Information operations and warfare, also known as influence operations, include the collection of tactical information about an adversary as well as the dissemination of propaganda in pursuit of a competitive advantage over an opponent.
From the battlefield to the boardroom, in online and social media the ways of influence are many. Far from propaganda being a relic of the old cold war, modern-day social media influence activities routinely feed the news cycle to achieve specific offline actions.
One non-militarised form of propaganda you will be familiar with is politics, where the scramble for your vote is based on influencing your perceptions of a party or individual through staged events and rehearsed monologues that tend to promise a lot and deliver little.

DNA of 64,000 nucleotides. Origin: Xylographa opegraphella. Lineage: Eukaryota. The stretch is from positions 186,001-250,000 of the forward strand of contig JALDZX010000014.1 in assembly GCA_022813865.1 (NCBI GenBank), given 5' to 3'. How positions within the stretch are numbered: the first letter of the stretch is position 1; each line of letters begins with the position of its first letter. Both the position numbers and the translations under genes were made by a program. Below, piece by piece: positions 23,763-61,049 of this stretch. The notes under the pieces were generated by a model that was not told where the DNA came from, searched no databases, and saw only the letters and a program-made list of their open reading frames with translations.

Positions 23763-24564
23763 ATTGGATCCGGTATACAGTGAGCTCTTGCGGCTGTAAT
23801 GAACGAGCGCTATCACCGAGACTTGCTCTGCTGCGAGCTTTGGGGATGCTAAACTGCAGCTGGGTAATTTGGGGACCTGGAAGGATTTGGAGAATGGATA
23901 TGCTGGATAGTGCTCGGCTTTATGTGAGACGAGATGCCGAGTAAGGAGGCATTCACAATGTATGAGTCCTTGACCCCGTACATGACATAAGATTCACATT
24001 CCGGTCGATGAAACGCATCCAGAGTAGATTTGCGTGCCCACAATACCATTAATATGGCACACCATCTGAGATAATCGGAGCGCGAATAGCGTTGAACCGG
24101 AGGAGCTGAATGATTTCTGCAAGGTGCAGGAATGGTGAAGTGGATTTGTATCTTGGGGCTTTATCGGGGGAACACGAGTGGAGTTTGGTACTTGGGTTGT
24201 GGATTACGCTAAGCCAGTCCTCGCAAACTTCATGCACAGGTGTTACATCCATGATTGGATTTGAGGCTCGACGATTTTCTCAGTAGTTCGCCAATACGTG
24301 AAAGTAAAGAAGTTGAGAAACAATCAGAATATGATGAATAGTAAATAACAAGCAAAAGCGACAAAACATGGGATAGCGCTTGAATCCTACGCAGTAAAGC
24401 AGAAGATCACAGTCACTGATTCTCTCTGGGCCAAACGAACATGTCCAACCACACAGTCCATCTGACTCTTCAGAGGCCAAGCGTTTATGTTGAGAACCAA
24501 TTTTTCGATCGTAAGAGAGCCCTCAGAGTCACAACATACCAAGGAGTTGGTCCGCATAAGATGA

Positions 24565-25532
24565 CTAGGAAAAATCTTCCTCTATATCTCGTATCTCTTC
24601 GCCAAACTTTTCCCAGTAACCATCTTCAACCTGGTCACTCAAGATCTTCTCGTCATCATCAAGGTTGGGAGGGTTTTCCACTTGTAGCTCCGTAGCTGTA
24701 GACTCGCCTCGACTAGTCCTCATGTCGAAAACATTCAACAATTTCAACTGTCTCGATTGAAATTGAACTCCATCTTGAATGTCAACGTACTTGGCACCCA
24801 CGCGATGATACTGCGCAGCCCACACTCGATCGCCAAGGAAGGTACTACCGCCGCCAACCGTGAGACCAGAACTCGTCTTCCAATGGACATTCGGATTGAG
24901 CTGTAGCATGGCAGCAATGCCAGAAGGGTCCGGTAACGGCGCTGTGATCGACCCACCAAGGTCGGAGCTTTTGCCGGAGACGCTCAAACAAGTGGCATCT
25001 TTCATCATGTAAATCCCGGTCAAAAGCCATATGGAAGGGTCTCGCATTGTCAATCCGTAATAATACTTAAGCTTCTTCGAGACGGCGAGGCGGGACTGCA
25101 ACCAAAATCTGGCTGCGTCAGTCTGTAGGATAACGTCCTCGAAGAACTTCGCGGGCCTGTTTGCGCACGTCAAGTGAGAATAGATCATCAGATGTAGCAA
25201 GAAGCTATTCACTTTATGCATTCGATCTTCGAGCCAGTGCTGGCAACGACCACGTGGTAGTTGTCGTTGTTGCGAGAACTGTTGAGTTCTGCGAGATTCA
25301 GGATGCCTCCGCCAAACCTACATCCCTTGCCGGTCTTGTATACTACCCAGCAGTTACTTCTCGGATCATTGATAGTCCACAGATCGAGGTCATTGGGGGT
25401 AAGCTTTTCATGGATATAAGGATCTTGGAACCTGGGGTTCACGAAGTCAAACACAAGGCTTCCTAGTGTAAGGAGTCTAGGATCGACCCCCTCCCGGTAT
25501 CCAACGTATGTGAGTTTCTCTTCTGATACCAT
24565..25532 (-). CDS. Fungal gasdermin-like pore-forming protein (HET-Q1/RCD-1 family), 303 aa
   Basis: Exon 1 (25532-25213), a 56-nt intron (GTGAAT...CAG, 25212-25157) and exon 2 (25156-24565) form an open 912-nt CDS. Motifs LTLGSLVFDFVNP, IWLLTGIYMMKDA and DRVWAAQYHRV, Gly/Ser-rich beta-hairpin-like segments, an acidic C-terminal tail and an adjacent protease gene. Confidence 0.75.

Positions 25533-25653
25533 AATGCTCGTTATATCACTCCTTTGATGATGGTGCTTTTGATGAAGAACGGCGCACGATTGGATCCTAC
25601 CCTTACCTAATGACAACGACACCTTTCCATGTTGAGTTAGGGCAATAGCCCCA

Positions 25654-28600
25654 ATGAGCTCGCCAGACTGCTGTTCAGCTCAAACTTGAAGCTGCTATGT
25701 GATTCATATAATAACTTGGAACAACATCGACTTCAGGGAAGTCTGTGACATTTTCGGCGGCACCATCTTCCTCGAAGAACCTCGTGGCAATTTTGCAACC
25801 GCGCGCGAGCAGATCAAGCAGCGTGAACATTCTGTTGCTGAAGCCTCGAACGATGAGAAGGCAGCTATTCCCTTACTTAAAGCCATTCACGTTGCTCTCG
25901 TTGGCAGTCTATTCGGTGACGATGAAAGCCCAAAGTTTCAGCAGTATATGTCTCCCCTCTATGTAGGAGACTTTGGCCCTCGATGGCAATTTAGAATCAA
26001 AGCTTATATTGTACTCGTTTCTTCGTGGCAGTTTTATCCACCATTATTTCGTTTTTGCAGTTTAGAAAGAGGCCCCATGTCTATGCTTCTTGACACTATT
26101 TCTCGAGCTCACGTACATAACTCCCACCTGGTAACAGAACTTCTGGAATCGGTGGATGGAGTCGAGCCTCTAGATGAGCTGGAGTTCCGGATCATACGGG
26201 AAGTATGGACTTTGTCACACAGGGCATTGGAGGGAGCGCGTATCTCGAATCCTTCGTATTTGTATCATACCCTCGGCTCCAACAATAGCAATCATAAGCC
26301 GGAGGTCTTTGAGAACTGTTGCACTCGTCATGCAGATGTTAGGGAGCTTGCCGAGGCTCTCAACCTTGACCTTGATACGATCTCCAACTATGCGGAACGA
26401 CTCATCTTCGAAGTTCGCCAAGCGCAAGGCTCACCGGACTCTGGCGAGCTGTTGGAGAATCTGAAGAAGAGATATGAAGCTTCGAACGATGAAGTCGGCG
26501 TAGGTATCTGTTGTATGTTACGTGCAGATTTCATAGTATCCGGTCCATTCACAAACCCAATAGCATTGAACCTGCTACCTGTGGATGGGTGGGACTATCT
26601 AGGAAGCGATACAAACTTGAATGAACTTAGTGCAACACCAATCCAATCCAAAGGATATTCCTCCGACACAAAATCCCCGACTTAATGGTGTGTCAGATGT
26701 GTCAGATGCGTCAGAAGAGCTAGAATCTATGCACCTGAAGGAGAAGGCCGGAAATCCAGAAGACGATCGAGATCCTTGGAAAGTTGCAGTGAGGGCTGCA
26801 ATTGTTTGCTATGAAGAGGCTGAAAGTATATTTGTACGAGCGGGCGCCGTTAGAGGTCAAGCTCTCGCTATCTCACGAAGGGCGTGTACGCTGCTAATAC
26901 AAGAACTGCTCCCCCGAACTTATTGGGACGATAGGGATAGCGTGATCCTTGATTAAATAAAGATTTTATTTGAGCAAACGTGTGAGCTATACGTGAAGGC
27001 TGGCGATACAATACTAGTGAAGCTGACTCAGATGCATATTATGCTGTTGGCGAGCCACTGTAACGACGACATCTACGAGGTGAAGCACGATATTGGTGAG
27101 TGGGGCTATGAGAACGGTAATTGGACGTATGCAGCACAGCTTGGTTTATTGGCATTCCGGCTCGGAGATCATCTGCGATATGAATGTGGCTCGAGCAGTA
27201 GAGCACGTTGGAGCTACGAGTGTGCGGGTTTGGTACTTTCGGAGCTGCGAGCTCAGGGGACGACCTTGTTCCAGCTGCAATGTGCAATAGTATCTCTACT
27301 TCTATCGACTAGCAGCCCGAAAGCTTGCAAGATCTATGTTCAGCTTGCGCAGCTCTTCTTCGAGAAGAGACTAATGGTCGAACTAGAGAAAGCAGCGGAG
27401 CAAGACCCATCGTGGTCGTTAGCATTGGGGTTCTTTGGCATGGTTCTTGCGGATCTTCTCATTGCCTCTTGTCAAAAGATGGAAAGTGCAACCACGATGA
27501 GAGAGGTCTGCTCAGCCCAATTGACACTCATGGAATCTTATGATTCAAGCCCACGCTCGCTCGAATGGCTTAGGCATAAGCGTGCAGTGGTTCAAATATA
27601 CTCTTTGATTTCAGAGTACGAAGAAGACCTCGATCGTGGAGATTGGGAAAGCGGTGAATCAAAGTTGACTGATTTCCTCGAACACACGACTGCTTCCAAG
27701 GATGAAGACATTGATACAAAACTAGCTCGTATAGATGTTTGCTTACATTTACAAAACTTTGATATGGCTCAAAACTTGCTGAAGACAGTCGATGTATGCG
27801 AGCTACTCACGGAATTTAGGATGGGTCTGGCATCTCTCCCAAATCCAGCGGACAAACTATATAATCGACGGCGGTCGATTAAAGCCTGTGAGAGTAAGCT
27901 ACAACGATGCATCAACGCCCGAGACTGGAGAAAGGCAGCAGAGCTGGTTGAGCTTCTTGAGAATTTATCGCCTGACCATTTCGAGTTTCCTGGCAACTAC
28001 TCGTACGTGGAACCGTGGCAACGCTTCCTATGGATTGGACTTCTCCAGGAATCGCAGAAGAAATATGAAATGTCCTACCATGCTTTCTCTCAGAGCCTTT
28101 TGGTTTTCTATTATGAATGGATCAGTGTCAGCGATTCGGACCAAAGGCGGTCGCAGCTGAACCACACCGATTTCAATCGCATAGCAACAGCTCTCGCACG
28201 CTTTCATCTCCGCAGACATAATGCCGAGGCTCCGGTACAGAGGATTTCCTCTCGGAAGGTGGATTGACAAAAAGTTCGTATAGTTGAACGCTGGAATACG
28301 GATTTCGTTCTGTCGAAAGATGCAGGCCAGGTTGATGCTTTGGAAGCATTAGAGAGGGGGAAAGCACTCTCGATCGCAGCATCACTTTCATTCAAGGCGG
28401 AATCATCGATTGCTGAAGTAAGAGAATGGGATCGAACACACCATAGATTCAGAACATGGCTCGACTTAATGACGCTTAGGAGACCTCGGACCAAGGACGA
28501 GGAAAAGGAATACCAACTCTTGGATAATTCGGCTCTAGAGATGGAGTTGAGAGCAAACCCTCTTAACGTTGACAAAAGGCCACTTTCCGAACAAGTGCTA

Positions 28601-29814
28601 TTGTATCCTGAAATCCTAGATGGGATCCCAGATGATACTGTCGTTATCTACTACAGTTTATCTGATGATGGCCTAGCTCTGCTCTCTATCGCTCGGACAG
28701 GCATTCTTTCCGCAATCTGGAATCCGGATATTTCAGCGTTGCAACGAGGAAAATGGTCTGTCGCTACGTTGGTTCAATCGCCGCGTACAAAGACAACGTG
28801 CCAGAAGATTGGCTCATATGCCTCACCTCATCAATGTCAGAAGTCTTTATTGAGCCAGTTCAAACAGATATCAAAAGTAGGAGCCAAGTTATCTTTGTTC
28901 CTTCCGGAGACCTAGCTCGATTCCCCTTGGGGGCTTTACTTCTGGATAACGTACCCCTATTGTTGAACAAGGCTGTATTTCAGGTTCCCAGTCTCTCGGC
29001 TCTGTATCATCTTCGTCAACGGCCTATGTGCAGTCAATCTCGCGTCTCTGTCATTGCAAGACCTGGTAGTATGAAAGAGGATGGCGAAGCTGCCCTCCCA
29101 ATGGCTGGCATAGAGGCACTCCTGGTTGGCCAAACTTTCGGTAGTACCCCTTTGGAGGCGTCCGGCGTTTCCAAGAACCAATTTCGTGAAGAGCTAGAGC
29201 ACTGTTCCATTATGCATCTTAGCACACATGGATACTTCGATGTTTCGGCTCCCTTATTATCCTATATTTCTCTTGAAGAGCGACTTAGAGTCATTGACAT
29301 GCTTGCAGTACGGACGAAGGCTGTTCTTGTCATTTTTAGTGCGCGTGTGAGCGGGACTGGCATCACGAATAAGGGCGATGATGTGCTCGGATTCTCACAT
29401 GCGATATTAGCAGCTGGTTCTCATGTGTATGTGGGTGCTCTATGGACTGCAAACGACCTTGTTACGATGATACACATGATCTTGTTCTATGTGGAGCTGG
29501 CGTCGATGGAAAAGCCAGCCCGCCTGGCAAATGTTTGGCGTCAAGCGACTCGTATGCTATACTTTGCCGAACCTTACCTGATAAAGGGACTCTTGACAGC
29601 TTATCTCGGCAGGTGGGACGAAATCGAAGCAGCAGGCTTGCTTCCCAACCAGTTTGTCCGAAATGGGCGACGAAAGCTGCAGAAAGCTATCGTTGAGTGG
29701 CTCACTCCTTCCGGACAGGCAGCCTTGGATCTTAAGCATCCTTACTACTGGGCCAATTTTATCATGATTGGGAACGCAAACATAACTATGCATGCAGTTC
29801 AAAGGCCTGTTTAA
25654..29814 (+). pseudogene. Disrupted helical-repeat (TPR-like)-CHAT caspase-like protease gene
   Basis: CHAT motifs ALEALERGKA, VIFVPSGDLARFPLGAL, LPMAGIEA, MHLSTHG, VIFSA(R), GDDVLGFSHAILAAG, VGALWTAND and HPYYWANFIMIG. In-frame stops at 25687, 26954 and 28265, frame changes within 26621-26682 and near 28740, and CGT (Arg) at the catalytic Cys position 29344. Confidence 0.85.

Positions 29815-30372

Politicians in office routinely attempt to influence the public into believing self-serving information. From the threat of bushfires or terrorism to the dangerous ineptitude of the opposition party, fear mongering is a core influence enabler that is leveraged continuously. Add social media into the mix and you have all manner of visual content served up in an attempt to win your vote at the next poll.
If politicians are actively and overtly trying to influence your views and voting preferences on social media, and information operations is an accepted military function during times of war, why is it so surprising that the corporate ...